One day an expert in the law stood up to test Him. “Teacher,” he asked, “what must I do to inherit eternal life?” “What is written in the Law?” Jesus replied. “How do you read it?” He answered, “ ‘Love the Lord your God with all your heart and with all your soul and with all your strength and with all your mind’ and ‘Love your neighbour as yourself.’” “You have answered correctly,” Jesus said. “Do this and you will live.” But wanting to justify himself, he asked Jesus, “And who is my neighbour?” Jesus took up this question and said, “A man was going down from Jerusalem to Jericho when he fell into the hands of robbers. They stripped him, beat him, and went away, leaving him half dead. Now by chance a priest was going down the same road, but when he saw him, he passed by on the other side. So too, when a Levite came to that spot and saw him, he passed by on the other side. But when a Samaritan on a journey came upon him, he looked at him and had compassion. He went to him and bandaged his wounds, pouring on oil and wine. Then he put him on his own animal, brought him to an inn, and took care of him. The next day he took out two denarii and gave them to the innkeeper. ‘Take care of him,’ he said, ‘and on my return I will repay you for any additional expense.’ Which of these three do you think was a neighbour to the man who fell into the hands of robbers?” “The one who showed him mercy,” replied the expert in the law. Then Jesus told him, “Go and do likewise.”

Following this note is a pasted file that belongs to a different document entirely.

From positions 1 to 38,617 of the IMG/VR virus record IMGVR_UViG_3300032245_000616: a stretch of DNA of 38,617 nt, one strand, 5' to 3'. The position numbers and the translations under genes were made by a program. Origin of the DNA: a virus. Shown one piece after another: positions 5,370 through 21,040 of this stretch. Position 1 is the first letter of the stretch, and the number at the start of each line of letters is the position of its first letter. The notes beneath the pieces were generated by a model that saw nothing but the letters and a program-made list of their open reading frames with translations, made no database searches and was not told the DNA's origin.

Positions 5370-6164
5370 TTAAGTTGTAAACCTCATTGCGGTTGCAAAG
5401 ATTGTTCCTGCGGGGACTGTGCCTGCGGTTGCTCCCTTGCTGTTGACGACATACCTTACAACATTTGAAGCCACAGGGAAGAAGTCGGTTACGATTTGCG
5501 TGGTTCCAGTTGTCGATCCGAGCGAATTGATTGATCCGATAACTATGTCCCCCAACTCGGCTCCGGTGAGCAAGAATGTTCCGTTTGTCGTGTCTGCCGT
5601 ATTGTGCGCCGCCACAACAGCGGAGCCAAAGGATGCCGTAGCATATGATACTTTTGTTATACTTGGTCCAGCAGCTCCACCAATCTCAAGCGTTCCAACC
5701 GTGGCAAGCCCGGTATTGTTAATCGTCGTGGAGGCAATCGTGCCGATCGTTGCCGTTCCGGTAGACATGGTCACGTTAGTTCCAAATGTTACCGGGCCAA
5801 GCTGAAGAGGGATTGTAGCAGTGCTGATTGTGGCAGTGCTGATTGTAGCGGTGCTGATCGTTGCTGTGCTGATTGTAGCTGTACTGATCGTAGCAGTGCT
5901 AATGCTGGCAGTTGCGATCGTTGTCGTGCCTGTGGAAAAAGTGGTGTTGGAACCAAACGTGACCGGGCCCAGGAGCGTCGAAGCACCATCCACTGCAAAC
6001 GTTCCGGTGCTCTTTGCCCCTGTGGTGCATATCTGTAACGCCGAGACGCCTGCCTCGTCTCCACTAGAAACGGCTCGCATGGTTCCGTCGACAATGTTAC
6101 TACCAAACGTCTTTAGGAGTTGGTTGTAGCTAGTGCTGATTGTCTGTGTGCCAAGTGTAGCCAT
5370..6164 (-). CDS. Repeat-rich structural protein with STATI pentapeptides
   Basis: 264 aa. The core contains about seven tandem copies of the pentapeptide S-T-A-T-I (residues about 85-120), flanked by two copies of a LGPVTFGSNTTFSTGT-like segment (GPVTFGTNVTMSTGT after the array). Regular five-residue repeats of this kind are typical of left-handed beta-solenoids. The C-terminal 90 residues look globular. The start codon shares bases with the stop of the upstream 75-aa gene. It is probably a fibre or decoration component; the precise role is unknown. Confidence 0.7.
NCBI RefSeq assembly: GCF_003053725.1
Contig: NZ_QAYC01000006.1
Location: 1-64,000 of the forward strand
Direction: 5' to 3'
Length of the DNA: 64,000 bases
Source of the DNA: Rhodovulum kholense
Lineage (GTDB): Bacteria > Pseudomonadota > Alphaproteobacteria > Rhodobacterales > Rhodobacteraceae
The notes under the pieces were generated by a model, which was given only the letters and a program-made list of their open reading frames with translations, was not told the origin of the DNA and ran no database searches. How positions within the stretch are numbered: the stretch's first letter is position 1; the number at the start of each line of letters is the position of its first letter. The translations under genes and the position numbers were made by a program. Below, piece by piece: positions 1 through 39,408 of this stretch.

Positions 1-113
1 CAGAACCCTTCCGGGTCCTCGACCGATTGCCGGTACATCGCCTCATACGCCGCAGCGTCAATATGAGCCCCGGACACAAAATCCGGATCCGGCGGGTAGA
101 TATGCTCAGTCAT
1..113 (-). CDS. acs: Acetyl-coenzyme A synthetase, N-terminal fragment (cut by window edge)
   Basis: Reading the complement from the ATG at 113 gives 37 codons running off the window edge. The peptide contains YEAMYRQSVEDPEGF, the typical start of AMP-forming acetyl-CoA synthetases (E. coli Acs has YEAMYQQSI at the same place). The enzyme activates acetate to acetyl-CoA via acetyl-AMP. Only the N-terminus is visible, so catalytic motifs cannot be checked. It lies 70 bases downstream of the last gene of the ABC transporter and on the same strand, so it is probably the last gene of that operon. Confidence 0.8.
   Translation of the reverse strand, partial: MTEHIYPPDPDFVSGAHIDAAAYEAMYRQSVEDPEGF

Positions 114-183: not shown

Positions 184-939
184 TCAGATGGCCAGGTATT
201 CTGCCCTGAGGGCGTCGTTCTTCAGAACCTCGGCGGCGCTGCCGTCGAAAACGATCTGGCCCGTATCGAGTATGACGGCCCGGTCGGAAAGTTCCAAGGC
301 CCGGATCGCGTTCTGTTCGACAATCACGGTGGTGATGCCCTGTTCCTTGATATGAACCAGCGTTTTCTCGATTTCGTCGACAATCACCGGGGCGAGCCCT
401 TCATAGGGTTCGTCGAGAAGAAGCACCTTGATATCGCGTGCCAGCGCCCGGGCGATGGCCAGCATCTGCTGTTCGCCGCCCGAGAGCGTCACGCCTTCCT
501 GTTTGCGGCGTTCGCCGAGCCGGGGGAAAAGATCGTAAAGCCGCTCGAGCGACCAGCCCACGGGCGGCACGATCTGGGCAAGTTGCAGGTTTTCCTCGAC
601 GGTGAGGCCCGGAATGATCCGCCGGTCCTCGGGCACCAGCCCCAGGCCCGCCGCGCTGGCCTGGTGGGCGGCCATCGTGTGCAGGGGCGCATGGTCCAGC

This well-known parable Jesus told would have been immediately understood by his listeners.  The ones who passed by without helping represented specific sections of their society – and the Samaritan who stopped to administer aid was from a people who were despised and ignored.  It must have been quite a wake-up call for them.

Are we too ignoring our ‘neighbours’ on a daily basis as that is what is considered normal in our daily busy lives?  Can we knock on a neighbour’s door to check they are all right, rather than leaving it to ‘someone else’? Should we be more aware of the problems facing that young mum struggling to shop with a screaming toddler in tow? Less quick to condemn when people stop coming to church – possibly because of mobility problems? God calls us to follow him 24/7 – not just on a Sunday at a service and he wants us to be aware of each other’s needs all the time.